Climbing the wall at Xuanwu Gate and hiking south, a section of wall runs for one mile, offering sensational views. On one side is the glassy expanse of Xuanwu Lake, flanked by willow trees, and Purple Mountain beyond it, home to the tomb of the first Ming Emperor. On the other side are the space-age towers of modern Nanjing. A broad curve of wall leads towards the seven tapering tiers of the pagoda at Jiming Temple, and before that, the hidden gem Nanjing Ming City Wall History Museum, built into the wall itself and dedicated to its history.
The most impressive architectural feature of the wall is the formidable Zhonghua Gate in the south. The most spectacular of 13 gates that once dotted the walls, it guarded the ‘front door’ of Nanjing – the name literally means ‘Gate of China.’ In fact, it looks more like a castle; anyone coming into the city would have had to pass through a series of connecting spaces leading to the wall and overlooked by deadly firing positions. In its day, the Zhonghua Gate would have housed a garrison of 3,000 soldiers.
On both sides of the gate broad stone ramps rise from street level, built to allow mounted soldiers to gallop quickly onto the battlements above. These days it’s not horses but bicycles, which can be rented for a 1.9-mile ride along the top to Dongshuiguan Park, where you can visit an old water gate built into Nanjing’s city wall.
For one last glimpse of the past hike to Wu Gate, at the entrance to the former Ming imperial palace. Unlike the resilient wall, nothing much remains today of the Hongwu emperor’s grand abode except wistful ruins – stone gates and column bases set inside a quiet park.
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Suggested Routes to Hike the Wall
With so many handy access points up to the restored sections of Nanjing City Wall, you can hike as little or as much as you have the energy for. A good place to start is Zhonghua Gate in the south, walking or cycling northeast to Dongshui Guan. From there it’s another hour on foot to Wu Gate, passing through the ruins of the former Ming Imperial Palace. Then allow another hour to reach Jiefang Gate, which was added to the wall relatively recently, in 1952. Then it’s a short hop to Taicheng, and along Xuanwu Lake to Heping Gate, the most northerly part of the wall.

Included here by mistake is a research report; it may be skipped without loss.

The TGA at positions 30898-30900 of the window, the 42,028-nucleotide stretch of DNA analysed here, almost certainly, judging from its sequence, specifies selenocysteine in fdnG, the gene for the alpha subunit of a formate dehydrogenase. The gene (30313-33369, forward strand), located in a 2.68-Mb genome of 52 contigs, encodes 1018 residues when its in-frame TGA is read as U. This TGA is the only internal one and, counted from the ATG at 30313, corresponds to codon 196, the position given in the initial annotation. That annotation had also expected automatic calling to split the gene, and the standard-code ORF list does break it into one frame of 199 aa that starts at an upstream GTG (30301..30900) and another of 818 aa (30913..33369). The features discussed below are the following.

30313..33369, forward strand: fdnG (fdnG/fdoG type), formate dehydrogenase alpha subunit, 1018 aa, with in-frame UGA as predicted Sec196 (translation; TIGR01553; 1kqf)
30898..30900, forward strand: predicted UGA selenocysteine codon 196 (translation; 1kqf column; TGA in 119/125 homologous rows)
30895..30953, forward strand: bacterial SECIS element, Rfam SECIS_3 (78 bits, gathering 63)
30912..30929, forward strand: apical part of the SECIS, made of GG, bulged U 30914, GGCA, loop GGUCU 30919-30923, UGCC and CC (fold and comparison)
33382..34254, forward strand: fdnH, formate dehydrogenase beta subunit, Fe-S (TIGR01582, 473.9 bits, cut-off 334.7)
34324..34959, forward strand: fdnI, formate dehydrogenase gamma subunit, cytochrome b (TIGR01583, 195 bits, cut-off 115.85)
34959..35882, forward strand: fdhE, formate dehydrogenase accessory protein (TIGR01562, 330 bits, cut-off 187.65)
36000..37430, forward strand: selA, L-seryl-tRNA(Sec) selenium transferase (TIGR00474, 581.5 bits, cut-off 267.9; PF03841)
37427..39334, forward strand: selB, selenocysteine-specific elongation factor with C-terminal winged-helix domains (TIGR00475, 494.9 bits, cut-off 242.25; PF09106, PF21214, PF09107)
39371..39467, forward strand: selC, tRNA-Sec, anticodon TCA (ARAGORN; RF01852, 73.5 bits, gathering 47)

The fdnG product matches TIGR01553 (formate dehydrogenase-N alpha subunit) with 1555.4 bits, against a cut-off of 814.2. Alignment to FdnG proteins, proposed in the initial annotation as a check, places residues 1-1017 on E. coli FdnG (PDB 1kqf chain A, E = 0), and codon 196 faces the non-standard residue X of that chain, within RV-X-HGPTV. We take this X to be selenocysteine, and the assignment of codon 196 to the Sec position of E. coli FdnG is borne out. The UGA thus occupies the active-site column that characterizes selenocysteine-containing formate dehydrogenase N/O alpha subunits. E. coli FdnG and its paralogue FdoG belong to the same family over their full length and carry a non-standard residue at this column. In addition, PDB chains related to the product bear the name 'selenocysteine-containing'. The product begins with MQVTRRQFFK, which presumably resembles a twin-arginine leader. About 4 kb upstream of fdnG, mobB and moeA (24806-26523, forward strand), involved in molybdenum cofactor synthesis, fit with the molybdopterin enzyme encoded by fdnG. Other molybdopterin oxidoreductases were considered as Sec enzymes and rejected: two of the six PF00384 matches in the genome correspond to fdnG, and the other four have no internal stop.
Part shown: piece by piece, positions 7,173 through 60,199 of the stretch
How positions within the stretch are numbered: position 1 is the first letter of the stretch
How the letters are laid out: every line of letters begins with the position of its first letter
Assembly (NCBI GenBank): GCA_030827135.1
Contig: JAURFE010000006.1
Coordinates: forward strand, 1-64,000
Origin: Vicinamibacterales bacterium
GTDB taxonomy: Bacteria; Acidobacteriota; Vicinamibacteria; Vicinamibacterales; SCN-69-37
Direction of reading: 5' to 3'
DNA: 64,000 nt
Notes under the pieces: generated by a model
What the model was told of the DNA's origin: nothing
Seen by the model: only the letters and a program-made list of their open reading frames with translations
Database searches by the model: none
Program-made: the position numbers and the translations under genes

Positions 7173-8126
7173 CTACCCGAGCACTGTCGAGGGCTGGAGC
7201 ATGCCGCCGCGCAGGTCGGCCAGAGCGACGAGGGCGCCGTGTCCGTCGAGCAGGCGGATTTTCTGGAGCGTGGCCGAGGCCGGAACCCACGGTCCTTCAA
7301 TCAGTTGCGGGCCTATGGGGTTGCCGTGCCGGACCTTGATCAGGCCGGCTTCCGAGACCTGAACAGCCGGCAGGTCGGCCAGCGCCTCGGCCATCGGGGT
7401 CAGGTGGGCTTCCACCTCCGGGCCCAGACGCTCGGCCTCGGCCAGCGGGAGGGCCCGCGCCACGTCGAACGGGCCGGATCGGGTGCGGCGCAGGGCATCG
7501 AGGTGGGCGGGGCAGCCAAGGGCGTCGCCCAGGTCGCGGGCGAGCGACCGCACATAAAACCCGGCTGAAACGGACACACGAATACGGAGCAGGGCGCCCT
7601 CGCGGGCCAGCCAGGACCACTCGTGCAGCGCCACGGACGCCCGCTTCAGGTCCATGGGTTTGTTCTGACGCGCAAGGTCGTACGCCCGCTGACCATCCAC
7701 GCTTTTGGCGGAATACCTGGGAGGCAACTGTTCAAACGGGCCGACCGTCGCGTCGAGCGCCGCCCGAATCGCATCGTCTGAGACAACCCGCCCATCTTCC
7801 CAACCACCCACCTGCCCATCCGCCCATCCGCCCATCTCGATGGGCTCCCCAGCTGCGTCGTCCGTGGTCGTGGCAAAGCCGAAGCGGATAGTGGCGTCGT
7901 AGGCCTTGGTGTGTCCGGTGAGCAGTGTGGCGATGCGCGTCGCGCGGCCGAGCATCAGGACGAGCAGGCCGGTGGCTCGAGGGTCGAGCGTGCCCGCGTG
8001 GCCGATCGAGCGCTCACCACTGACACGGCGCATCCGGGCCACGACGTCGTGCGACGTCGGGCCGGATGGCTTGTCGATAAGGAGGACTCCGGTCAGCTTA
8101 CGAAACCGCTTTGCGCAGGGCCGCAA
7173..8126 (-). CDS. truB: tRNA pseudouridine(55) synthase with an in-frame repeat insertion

For the very fit it’s possible to circumnavigate the whole wall perimeter in a day, although it’s recommended to avoid attempting this in summer, a season when Nanjing earns its reputation as one of the ‘four furnaces of China’. The full course of the wall hike is approximately 35-40 kilometers depending on detours, and completing it means passing through parks and along roads in between the surviving sections of battlements. This certainly qualifies the route as an ‘urban hike’, presenting a fascinating contrast between old and new, and interesting views at every turn.
Restoration of Nanjing City Wall
Designated as a protected national relic in the 1980s, restoration of the wall has occurred piecemeal ever since – a gate here, a stretch of bricks there. A big push occurred leading up to the Youth Olympics, held in Nanjing in 2014, where previously unrestored sections were spruced up and cleared of encroaching vegetation. In a drive to be faithful to the original, restorers asked Nanjing residents to provide information on the whereabouts of old bricks, such as those being used as building materials in houses and other structures.
In the past few years, the government pressed ahead with yet more restoration plans, which included cleaning the moat, planting more trees alongside the wall, and adding more lighting along its length. Today fully renovated stone walkways await the urban hiker, while many of the missing sections are marked by connecting urban parkways or walking routes.